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fizzyclare1

Is There Any Heathen God's That...

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fizzyclare1

Like or are associated with the seasons?

 

Just curious really and in need of a bit of convo

 

Sent from my XT1032 using Tapatalk

 

 

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Moonhunter

Not my area. I've found this but cannot vouch for its' accuracy.

 

http://www.wizardrea...e/holidays.html

 

Muddled with wicca-lite modern pagan made up stuff. Best to ignore it, I'm afraid. Here's one on the ancient festivals:

https://www.wikiwand.com/en/Blót

 

And this one on modern festivals actually observed by Heathens (though not all Heathens observe all of these, and many of us just observe one or two):

https://www.wikiwand.com/en/Ásatrú_holidays

 

Of those attested in pre-Christian times, the Disting was associated with female ancestors and family luck/protectors, Alfblot with the elves and wights, Mothers' Night with The Mothers (possibly), and a couple of mid-winter festivals - one to Thor and one to Frey. But these weren't universal across all Heathen countries - for example, Mothers' Night is (IIRC) exclusive to England and may reflect the influence of the Romans here. The Frey one is Swedish and the Thor one Icelandic. The only ones common (AFAIK) to heathens in the UK are Winters Night, Mothers' Night and Yule.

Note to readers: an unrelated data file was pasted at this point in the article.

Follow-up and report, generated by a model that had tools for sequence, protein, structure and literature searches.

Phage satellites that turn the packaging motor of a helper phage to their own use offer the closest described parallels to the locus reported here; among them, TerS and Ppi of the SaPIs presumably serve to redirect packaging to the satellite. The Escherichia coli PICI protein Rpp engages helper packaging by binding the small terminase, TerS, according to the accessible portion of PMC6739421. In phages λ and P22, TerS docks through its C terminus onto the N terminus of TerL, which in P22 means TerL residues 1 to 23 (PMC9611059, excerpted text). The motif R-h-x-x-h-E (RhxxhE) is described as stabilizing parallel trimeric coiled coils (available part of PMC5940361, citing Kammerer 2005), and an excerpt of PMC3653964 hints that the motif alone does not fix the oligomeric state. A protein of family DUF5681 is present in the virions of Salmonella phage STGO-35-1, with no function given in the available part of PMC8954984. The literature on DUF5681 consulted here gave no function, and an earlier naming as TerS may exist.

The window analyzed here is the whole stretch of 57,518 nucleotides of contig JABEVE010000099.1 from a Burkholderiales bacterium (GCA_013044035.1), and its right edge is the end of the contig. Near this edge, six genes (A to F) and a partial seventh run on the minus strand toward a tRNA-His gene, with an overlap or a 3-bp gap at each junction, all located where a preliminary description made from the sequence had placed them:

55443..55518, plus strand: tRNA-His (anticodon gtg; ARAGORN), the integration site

Aside from that, according to Bede, our month of March (spring equinox) was dedicated to the unknown goddess Hređa. while our month April was dedicated to Eostre.

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Gliblet

Baldr is often portrayed as a Spring God, probably largely because of his death/rebirth story, and his being portrayed as the White/Fair/Shining One.

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Moonhunter

Baldr is often portrayed as a Spring God, probably largely because of his death/rebirth story, and his being portrayed as the White/Fair/Shining One.

 

But there's no actual foundation for that, is there? I can't recall anything in the Eddas that would support it - but my memory's far from perfect. :)

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Gliblet
But there's no actual foundation for that, is there? I can't recall anything in the Eddas that would support it - but my memory's far from perfect. :)

 

No, but then there's nothing in an awful lot of religious texts that actually links deities with the things they end up representing ;)